I had my picture taken and one of our members fixed it up into a poster:

Then I continued all through the gym talking to folks who didn't recognize me.  We truly have some kind members.  Then I got to Doug's booth.  Of course he knew it was me but he played along as I flirted with him.  Finally I grabbed him, leaned him back and planted a big, Billy-Bob-toothed kiss on him.  Everyone froze in terror until I removed my hat, glasses and teeth.

The big reveal!

ONE YEAR LATER--Part 2 (just when you thought it couldn't get worse. . .)

I asked Vickie Morrison, "Would you dress up in my garb like I did last year, Vickie?"

"Oh, Kathy, I can't be crazy like you."

"You don't have to, Vickie.  In fact don't say a word and they'll all think it's me again."  So she did.  As she went through the sanctuary Pastor Mike kidded her, "Come on, Kathy, not again!  You look as bad as last time."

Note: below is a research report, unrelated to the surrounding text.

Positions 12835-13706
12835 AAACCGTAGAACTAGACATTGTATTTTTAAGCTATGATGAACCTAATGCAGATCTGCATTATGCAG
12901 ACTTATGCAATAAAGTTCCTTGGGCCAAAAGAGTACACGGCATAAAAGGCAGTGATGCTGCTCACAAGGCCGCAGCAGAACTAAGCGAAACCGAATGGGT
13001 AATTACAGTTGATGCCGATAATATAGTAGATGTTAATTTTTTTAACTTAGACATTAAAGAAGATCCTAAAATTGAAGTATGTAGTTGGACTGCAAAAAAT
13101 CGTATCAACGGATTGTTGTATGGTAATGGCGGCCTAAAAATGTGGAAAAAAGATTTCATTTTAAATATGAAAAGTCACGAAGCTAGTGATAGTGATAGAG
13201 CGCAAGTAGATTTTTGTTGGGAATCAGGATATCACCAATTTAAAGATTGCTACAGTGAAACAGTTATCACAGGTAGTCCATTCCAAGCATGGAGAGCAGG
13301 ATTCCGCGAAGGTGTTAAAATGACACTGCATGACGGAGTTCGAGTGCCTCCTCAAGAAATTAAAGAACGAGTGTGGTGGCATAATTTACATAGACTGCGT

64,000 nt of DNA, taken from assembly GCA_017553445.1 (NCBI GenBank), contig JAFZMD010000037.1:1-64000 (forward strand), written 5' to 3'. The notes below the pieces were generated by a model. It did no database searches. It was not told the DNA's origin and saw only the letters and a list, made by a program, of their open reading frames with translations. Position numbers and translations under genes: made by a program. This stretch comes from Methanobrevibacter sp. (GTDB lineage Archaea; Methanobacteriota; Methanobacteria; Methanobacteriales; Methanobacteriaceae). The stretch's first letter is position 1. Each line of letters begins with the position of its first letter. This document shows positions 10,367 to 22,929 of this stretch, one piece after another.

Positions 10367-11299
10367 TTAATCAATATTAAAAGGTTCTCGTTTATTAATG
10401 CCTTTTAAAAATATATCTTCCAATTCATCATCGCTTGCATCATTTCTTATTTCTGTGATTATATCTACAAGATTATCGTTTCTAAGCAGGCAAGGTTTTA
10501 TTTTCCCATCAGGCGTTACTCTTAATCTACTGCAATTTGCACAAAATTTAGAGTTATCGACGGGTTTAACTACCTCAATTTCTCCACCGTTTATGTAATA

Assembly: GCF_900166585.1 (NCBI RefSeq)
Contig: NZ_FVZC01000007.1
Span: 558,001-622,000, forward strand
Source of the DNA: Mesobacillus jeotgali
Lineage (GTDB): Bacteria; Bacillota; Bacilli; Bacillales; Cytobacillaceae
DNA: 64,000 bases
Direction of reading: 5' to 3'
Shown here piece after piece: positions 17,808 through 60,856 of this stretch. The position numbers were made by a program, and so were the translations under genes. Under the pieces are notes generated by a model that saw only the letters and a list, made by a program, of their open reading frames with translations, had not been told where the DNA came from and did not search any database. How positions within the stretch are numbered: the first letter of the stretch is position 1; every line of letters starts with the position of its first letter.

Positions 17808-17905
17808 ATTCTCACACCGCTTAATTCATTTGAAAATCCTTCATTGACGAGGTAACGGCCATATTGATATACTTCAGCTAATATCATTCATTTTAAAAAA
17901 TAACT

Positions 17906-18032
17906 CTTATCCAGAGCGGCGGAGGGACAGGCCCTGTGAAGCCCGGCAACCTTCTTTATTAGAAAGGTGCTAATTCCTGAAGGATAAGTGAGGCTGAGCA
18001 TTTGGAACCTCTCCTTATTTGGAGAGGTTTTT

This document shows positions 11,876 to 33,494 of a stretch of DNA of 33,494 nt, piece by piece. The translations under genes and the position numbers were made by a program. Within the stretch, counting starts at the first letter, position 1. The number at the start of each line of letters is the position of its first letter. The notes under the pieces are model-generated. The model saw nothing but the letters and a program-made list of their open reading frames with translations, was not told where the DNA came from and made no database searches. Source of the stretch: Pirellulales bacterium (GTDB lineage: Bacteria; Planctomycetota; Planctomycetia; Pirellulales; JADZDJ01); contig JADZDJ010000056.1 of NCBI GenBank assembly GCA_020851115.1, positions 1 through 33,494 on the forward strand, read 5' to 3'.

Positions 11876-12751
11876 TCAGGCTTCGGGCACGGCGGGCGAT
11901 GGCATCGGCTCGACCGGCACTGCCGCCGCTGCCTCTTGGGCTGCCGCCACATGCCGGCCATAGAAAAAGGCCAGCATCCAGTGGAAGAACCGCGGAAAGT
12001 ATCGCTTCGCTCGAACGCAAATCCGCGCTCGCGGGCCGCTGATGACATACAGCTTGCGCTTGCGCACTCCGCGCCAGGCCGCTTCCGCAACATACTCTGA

She went to the gym and at every booth folks made wise cracks to Kathy.  She never spoke but took the back-slapping and ribbing like a pro.  About halfway through her circuit of the booths, I came in dressed normally.  Me at one end of the gym,  Vickie at the other.

"Kathy!  I thought I just saw you and I said how ugly you looked!  Oh no!"

"You did?  Who were you talking to?  I just got here."

"That lady down there. . .oh nooooo!  She looked just like you did last year.  I thought it was you!  Oh man!"

I followed her trail hearing one person after another moan at what they'd just said to our ugly visitor.   I waited awhile before revealing mini-me as Vickie.

We stopped having Fall Festivals soon after these 2 years.  Wonder why.